We had the pleasure of meeting George and Helen O'Bannon in 1964 when he worked for the American friends of the Middle east, an influential organization in which we had a strong interest. From 1966 to 1968 George was Assistant Director of the Peace Corps in Afghanistan. While he travel widely in that country, Helen added to their growing family that was to number four sons: Patrick, Colin, and Sean and Casey, twins.
Helen added to their growing family that was to number four sons: Patrick, Colin, and Sean and Casey, twins.
In 1973 he started dealing in rugs, and in 1976 opened a rug shop in Pittsburgh, O'Bannon's Oriental Rugs. He was an early member of the Princeton Rug Society and spoke often to us. His base at Pittsburgh was also that of Helen, a member of the Public Utility Commission of Pennsylvania. Brilliant Helen was an outstanding administrator with a far reaching vision that she displayed later in a major post, Senior Vice President, at the University of Pennsylvania. And she always maintained a close connection with Wellesley, her college.
George also was publishing: in 1974 The Turkoman Carpet, featuring rugs from Afghanistan and establishing a bridge between the old and the new. About 1976 appeared Oriental Rugs From Western Pennsylvania Collections, Kazak and Uzbek Rugs from Afghanistan appeared in 1979 and Tulu: Traditional Rugs from Central Anatolia in 1987. The same year, his role of frequent contributor of articles to Oriental Rug Review blossomed into a very active profession as editor of the magazine.By 1983 George and Helen were in a new home in a suburb of Philadelphia, facing a bright future together. In 1985, he opened another rug gallery on Philadelphia's Spring Street. But, in 1988 the bright future vanished: at 49, Helen was struck down by a fatal affliction.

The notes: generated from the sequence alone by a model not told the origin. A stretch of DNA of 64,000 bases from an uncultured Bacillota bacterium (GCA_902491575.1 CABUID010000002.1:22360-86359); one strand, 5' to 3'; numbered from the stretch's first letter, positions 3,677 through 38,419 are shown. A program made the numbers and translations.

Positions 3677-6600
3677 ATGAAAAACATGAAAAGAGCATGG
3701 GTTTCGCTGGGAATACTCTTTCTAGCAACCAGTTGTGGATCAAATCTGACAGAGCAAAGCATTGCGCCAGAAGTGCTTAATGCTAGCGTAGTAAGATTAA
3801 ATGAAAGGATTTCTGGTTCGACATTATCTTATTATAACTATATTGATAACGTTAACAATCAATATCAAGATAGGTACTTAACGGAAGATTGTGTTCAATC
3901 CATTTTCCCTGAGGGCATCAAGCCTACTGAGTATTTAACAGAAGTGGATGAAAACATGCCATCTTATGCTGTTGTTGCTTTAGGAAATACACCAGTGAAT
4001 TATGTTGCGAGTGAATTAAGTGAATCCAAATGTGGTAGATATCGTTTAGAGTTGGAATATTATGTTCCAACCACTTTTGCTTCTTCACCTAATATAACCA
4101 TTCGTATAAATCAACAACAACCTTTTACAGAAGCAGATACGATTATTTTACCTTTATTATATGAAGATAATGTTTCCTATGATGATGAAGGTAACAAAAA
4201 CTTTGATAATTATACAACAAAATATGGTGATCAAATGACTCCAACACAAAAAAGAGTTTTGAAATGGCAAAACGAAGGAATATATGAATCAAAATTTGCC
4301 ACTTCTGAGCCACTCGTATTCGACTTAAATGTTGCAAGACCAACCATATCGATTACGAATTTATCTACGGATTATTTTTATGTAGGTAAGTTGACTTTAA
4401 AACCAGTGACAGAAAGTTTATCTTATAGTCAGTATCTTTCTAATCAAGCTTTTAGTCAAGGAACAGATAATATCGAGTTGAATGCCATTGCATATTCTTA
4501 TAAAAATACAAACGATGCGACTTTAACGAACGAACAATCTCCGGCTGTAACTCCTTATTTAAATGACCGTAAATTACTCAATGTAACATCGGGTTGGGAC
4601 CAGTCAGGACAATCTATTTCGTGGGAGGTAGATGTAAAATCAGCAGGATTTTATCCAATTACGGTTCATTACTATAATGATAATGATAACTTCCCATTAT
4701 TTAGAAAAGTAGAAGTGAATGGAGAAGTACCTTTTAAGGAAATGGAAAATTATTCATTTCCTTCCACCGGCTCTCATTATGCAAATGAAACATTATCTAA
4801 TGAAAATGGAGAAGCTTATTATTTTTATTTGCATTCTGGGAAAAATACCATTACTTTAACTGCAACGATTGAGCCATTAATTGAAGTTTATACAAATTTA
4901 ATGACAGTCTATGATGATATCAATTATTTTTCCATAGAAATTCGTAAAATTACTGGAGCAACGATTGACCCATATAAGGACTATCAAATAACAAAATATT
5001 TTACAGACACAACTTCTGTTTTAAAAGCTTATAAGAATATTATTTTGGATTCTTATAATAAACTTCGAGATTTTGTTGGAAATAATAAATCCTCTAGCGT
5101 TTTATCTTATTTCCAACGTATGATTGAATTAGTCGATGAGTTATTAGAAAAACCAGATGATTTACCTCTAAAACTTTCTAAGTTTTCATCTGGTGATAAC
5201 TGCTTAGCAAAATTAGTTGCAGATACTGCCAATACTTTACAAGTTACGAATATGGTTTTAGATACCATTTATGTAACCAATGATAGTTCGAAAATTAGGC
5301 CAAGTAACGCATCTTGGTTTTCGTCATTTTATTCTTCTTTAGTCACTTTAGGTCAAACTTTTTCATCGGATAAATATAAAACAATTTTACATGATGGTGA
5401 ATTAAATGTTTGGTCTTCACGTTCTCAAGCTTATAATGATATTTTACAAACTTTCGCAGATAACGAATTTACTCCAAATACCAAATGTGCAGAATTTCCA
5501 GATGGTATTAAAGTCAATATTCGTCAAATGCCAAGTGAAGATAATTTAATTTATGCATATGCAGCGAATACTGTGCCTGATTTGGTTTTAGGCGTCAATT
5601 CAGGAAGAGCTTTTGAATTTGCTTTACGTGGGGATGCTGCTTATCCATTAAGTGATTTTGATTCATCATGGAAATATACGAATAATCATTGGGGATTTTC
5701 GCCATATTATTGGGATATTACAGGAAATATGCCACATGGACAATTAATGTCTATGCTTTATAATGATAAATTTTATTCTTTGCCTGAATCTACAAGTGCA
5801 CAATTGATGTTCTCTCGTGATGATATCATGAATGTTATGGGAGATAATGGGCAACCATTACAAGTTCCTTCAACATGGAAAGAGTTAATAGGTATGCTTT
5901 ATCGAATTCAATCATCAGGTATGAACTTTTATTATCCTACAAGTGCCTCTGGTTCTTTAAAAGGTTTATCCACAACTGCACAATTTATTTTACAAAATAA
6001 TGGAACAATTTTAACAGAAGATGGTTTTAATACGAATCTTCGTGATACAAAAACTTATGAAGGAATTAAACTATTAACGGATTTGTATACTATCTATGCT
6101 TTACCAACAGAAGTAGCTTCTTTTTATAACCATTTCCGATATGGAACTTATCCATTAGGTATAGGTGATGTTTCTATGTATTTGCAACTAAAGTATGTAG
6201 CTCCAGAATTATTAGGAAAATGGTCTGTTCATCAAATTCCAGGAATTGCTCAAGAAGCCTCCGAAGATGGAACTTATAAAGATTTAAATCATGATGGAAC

George stayed for some time in the inner city, but the town was no longer home and he moved to southern Arizona, not a great distance from the region where he spent his childhood. Publication continues. Now his exhaustive bibliography of rug books is at press.
But a short recitation of events in his career does not give us George as a person: blessed with an even temper, incapable of being either cross or rude; a man kind to all and who keeps in touch with friends for many years. At a time when the rug world is plagued by know-it-alls, and a few bad tempered persons, George stands for sanity, honesty, and experience. One of his articles questioned the validity of a Turkoman piece at auction, and was rewarded by a savage personal attack by the leader of the ill-tempered group. Later he wrote a rather devastating review of a display of kilims that were highly overpraised by the organizers of the show. Since then, this praise has been muted.
George is a man of many interests, and the range of his endeavors in the field of rug studies alone is exhausting to contemplate. Despite his hectic schedule, or maybe because of it, George seems always (almost always) available.